The Idaho Public Utilities Commission, in a Nov. 29 order, said that persons desiring to intervene in the matter involving Idaho Power’s proposal to build a new (second) 138-kV transmission line and related facilities are to file a petition to intervene by 21 days from the order’s service date.
As noted in the order, Idaho Power on Nov. 8 filed an application for a certificate of public convenience and necessity (CPCN) to build the project “to provide redundant service from the Wood River substation near Hailey into the Ketchum substation.”
The company would like to begin construction of the line in 2019, and have it in service by 2020.
The commission also noted that according to the company, the North Valley is served by a substation in Ketchum and a substation in Elkhorn Valley within the Sun Valley city limits. The two substations are supplied by a single 12.4-mile, 138-kV transmission line from the Wood River substation in Hailey that was built with wooden poles in 1962.
Idaho Power in 1974 obtained a certificate to build a second transmission line to the North Valley as well as related facilities. In 1995, the company participated in public meetings about the proposed construction of a second transmission line, the commission said, adding that there was considerable public opposition to the proposal, based on, for instance, the route that the line would take. At the company’s request, the commission cancelled that certificate. The commission also said Idaho Power initiated a Community Advisory Committee (CAC) in 2007 to develop the Wood River Valley Electrical Plan, and in 2011, the CAC recommended that Idaho Power build the second 138-kV line.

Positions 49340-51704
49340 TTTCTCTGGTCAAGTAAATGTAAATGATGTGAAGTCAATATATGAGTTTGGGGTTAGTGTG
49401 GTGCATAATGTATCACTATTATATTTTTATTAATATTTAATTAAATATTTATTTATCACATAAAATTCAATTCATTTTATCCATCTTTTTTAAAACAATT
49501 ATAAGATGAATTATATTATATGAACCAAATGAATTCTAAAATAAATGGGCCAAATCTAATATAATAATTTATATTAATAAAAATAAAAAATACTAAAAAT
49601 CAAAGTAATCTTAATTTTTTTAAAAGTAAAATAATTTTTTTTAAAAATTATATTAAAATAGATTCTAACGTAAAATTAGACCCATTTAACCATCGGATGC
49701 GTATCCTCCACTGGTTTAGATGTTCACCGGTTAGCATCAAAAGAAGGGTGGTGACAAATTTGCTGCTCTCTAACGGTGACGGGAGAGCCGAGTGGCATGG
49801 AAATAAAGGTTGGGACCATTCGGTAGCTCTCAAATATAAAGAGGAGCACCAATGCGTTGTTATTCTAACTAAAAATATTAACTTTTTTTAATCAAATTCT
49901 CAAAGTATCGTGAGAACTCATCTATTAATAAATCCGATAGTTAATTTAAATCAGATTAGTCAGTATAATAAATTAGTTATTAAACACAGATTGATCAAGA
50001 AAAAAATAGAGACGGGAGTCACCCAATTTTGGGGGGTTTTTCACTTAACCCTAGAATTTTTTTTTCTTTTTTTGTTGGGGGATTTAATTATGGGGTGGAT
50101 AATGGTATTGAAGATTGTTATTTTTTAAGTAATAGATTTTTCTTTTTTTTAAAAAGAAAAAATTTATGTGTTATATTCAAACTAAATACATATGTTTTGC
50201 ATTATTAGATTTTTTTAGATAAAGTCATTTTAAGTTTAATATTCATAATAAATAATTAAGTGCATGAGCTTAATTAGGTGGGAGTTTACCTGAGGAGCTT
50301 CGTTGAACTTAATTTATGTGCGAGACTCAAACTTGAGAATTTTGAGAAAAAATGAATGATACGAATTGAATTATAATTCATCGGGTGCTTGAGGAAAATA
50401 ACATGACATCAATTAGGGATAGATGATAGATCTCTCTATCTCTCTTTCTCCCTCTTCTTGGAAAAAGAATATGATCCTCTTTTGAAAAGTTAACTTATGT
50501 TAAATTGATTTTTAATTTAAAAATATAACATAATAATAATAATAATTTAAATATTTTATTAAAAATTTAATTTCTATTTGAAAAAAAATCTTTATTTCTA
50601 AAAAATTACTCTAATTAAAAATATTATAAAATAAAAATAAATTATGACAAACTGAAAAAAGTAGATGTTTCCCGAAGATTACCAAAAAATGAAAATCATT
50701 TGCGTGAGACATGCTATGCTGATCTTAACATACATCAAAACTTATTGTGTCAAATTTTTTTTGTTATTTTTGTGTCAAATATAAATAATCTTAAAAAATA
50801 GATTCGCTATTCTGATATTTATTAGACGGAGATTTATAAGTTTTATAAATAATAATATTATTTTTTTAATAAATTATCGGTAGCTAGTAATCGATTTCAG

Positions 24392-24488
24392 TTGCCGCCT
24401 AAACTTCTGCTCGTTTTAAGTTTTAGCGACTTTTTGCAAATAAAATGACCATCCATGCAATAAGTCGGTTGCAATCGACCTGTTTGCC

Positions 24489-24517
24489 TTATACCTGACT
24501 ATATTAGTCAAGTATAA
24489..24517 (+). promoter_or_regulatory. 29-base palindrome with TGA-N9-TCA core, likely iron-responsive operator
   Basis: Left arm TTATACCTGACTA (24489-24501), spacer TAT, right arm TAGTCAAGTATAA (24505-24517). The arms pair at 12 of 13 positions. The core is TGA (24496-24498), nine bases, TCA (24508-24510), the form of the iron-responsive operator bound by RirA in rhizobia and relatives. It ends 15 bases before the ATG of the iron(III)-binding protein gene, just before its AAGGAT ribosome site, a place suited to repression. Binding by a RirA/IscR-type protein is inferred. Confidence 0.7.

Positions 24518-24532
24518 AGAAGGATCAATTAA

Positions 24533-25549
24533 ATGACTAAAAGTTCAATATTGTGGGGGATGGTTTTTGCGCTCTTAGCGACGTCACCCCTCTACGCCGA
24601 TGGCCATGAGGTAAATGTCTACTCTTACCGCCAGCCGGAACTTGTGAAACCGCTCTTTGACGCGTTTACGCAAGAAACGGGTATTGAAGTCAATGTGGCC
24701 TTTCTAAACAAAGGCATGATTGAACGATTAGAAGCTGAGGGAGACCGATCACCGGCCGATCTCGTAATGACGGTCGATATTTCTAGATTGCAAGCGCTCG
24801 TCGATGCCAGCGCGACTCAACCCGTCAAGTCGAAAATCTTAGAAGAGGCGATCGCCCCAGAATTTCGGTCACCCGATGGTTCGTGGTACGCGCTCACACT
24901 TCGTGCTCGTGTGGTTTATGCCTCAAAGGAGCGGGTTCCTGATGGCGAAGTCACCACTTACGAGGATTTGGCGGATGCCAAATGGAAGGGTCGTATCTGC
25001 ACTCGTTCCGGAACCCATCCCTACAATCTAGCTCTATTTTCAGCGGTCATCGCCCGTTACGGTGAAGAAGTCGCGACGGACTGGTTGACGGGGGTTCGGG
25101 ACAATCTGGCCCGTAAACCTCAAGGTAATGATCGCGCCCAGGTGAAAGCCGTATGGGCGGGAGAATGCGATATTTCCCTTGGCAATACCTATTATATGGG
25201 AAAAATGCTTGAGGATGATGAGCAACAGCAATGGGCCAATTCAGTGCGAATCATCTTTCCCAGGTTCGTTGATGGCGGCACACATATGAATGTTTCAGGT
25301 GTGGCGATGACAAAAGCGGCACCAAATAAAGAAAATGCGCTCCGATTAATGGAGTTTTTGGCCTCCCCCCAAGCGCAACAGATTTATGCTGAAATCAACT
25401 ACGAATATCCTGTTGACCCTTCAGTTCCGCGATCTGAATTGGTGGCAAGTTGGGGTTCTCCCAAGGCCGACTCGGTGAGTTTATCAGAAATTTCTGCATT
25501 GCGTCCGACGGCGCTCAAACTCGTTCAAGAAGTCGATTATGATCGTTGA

Among other things, the commission said that Idaho Power asserts that the existing 138-kV radial transmission line is aging and needs reconstruction, and that reconstruction of that line would result in “extreme disruption of service … [unless the company builds] either a redundant transmission line or a temporary line that would be removed after construction.”
According to Idaho Power, the proposed redundant 138-kV line would increase reliability and avoid long-term disruption of service to the North Valley, the commission said.
Idaho Power’s parent company is IDACORP (NYSE:IDA).